Trento is governed by the City Council of Trento. Voters elect directly 40 councilors and the mayor of Trento every five years. The current mayor of Trento is Franco Ianeselli, elected for the first time on 21 September 2020. Ianeselli, a former trade unionist, was elected as a left-leaning independent with the support of a wide coalition of parties. These parties ranged from the left (as in the case of Europa Verde) to the Catholic centre (including Partito Autonomista Trentino Tirolese, and Insieme per Trento). When determining the composition of his Giunta (the equivalent of a City Cabinet), Ianeselli selected seven members of the City Council: Monica Baggia, Elisabetta Bozzarelli, Mariachiara Franzoia, Chiara Maule, Salvatore Panetta, Roberto Stanchina, and Paolo Zanella. However, in late November 2020 Paolo Zanella announced he would leave his position as a member of the Giunta, in order to fill a vacancy in one of the 35 seats of the legislative assembly of the Trentino province, upon the resignation of member Paolo Ghezzi. Shortly after, mayor Ianeselli announced Ezio Facchin as Zanella's successor.

Euroregion Tyrol-South Tyrol-Trentino[edit]

In 1996, a joint session between the states, further cultural and economic integration between the Austrian province of Tyrol and the Italian autonomous provinces of South Tyrol and Trentino was mutually agreed on.[31] This activity was steadily extended, eventually followed by the creation of the Euroregion Tyrol-South Tyrol-Trentino in 2011.[32][33]

Main sights[edit]

Palazzo pretorio and duomo
Buonconsiglio Castle

Although off the beaten path of mass tourism, Trento offers rather interesting monuments. Its architecture has a unique feel, with both Italian Renaissance and Roman influences. The city center is small, and most Late-Medieval and Renaissance buildings have been restored to their original pastel colours and wooden balconies. Part of the medieval city walls is still visible in Piazza Fiera, along with a circular tower. Once, these walls encircled the entire city and were connected to the Castello del Buonconsiglio. The main monuments of the city include:

  • Cattedrale di San Vigilio (Cathedral of Saint Vigilius), also known as Duomo di Trento (12th–13thcentury) is a Romanesque-Gothic cathedral built on top of a late-Roman basilica (viewable in an underground crypt).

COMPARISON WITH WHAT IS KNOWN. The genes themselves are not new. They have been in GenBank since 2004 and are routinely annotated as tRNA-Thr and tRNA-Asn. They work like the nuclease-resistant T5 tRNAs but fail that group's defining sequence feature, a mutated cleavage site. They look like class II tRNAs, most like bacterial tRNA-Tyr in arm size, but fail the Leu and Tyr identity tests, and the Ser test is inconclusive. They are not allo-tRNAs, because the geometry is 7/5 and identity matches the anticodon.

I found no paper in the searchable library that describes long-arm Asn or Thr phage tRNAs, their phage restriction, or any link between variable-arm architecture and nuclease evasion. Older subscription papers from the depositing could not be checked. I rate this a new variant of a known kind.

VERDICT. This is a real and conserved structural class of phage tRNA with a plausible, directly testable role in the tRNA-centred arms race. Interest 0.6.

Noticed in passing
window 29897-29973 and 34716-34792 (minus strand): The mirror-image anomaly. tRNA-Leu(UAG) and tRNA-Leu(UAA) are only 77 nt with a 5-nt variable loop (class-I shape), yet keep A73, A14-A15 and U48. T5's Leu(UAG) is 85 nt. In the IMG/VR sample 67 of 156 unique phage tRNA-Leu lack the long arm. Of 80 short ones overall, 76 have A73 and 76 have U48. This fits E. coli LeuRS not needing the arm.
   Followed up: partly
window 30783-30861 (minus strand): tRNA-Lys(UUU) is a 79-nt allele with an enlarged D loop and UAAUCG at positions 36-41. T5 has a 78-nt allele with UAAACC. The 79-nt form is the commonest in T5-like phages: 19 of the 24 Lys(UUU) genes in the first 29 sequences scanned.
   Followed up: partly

• Piazza Duomo (1767–1768), on the side of the cathedral, has frescoed Renaissance buildings and the Late Baroque Fountain of Neptune (Fontana di Nettuno).
  • Church of Santa Maria Maggiore (1520), site of the preparatory congregations of the Third Council of Trent (April 1562 – December 1563). It was built for Bishop Bernardo Clesio by the architect Antonio Medaglia in Renaissance-Gothic style. The façade has a notable 16th-century portal, while the interior has works by Giambettino Cignaroli and Moroni.
  • Castello del Buonconsiglio (Buonconsiglio Castle) (13th century), which includes a museum and the notable Torre dell'Aquila, with a cycle of fine Gothic frescoes depicting the months, was commissioned by the prince-bishop Georg von Lichtenstein.
  • Church of San Pietro (12th century) features a neo-Gothic façade added in 1848–1850.
  • Church of Sant'Apollinare (13th century) is a Gothic church.
  • Church of San Lorenzo (12th century) features a Romanesque apse.
  • Torre Verde (Green Tower), along the former transit path of the Adige river, is said to be where persons executed in the name of the Prince-Bishop were deposited in the river.
  • Palazzo delle Albere (Palace of the Trees), a Renaissance villa next to the Adige river built around 1550 by the Madruzzo family, now hosting a modern art museum.
  • Palazzo Pretorio (12th century), next to the Duomo, with a bell tower (Torre Civica) of the 13th century that now hosts a collection of baroque paintings of religious themes. It was the main Bishops' residence until the mid-13th century.
  • Palazzo Salvadori (1515) is one of the first examples of Renaissance civil architecture in the city.
  • Palazzo Geremia (15th century) features a Renaissance exterior and Gothic interiors.